Statement on Academic Freedom


Sharing this message I sent to the campus community this morning.

Dear friends,

Given recent conversations on campus and the controversies raging around the country concerning free speech, censorship, and the governmental intrusion into higher education, this seems a good moment to say something about academic freedom here at Wesleyan University. First, what does academic freedom mean? A former president of the American Association of University Professors started off this way:

  1. Academic freedom means that both faculty members and students can engage in intellectual debate without fear of censorship or retaliation.
  2. Academic freedom establishes a faculty member’s right to remain true to his or her pedagogical philosophy and intellectual commitments. It preserves the intellectual integrity of our educational system and thus serves the public good.

At Wesleyan, we might add that the intellectual integrity of our community is preserved when any of its members, including staff and students, can remain true to their intellectual commitments and their approach to learning. We trust that remaining true to one’s commitments is combined with remaining open to people with commitments different from one’s own. This is how real learning happens, with “independence of mind and generosity of spirit.”

As we state in the University’s governing documents (faculty handbook and student handbook): “every member of the Wesleyan community should feel that he or she can enter into controversy without fear of being silenced or constrained. This community’s commitment to the free exchange of ideas and pursuit of knowledge requires a wide range of protections for speech and expression, even when noxious or offensive. Belonging to this community, however, carries with it the responsibility of extending respect and openness of mind to others.”

In America today, academic freedom once again needs its defenders—people who know that learning requires freedom from intimidation and censorship while also demanding openness and attentiveness. The combination of qualities that constitute academic freedom may seem idealistic to some, but for us at Wesleyan it is the practical idealism at the heart of liberal education.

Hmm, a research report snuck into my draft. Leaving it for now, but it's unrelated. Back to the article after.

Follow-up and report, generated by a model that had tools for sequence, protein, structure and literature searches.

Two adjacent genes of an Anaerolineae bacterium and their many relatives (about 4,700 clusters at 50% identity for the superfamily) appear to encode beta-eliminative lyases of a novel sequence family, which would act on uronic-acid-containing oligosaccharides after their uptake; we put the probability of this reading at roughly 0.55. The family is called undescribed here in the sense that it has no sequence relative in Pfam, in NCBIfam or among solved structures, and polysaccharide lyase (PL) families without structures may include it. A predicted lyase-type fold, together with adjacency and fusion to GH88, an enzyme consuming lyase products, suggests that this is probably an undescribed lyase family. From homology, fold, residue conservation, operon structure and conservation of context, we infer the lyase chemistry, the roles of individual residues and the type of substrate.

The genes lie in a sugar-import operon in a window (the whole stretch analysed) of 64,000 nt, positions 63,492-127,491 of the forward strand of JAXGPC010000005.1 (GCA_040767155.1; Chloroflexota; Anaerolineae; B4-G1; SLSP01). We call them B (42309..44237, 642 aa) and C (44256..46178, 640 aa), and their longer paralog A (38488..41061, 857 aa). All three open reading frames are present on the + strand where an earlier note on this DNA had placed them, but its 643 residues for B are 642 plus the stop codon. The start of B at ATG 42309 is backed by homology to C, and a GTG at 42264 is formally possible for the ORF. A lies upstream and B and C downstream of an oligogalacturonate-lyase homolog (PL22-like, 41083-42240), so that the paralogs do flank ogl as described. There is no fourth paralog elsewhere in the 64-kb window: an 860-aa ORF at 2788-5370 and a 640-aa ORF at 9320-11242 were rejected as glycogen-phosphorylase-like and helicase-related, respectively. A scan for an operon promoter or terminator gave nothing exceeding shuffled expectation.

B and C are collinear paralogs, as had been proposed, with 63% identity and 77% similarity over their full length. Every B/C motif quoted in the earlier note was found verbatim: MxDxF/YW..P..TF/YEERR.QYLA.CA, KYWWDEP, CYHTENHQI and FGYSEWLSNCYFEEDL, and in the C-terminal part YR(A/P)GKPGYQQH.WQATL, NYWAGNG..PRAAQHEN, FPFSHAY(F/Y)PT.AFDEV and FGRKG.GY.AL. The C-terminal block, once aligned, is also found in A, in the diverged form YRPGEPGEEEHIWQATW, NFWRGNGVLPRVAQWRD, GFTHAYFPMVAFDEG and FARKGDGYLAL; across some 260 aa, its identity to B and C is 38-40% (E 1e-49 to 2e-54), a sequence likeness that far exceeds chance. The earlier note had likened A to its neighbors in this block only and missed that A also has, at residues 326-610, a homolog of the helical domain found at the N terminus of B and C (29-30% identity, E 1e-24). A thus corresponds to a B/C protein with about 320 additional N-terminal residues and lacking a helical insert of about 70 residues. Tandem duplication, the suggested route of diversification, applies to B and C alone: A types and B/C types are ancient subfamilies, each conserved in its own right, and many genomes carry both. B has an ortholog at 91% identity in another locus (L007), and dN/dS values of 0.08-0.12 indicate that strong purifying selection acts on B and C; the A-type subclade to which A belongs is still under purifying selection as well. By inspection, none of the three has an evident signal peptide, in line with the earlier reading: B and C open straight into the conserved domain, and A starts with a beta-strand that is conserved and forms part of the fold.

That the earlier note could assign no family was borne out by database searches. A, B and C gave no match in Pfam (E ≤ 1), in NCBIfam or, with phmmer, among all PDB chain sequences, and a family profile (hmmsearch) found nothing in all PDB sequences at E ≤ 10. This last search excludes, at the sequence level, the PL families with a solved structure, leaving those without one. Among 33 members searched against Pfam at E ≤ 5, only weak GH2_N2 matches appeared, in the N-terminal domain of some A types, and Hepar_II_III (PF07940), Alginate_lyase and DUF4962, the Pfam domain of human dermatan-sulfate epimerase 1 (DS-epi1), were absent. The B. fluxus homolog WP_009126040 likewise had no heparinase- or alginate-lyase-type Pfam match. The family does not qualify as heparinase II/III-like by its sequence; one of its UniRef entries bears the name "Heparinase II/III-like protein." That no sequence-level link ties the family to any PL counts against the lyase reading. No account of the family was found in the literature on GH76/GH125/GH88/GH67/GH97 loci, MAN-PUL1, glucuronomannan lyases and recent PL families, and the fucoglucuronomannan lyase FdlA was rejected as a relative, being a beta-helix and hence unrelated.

Michael S. Roth


4 thoughts on “Statement on Academic Freedom”

  1. Dear Michael,

    I could not be happier to read your note. Indoctrination by the left side of the political agenda at US universities, lack of freedom of speech , cancel culture and intolerance towards oposite views and values, in particular conservative values ( like my own) is rampant, and also sadly, rampant at Wesleyan. I can give you a couple of examples that I know of first hand. I fear that I would be very careful to express my views about many issues in a campus like Wesleyan. However, as every change starts with leadership at the top, this note fills me with hope reassurance and respect towards you. You seem to have recognised this very important issue we face.

    I look forward to discussing more about this when I meet you at the Wesleyan London reception at our home on March 14th. Very much looking forward to meeting you and welcoming you to London.

    And again, thank you for your note in this regard. It is of extreme importance.

    Warmest regards

    Sagra Maceira de Rosen P’23

  2. Dear President Roth,
    Thank you for being an articulate and committed defender of freedom of academic speech, as your February 16, 2023, Statement confirms. My view is that the principal challenge for “practical idealists” trying to address this difficult issue is having safeguards on campus that effectively and in practice prevent anyone from facing “fear”when engaged in intellectual expression (or better yet, of course, creating an environment that incentvises a robust range of intellectual expression). Rhetorical support for freedom of expression is manifestly not sufficient.

    Your statement enumerates a few of the fears prevalent on university campuses: censorship, retaliation or being silenced or constrained. In addition to these listed fears, many other pressures are, and will be, applied to discourage freedom of expression. Shaming, among others, might be singled out. Unfortunately, these fears and pressures are with us and will doubtless be further developed by human ingenuity and perversity.

    I would like to ask if in your judgment these fears that discourage freedom of academic expression are currently being as effectively addressed as they could be on the Wesleyan University campus? One widely noted initiative on freedom of academic expression and supported by 97 universities and colleges is the statement called the “Chicago Principles.” What considerations led Wesleyan University not to sign this statement?

    With appreciation for your continuing personal efforts on this issue, Wolf Brueckmann, ‘65

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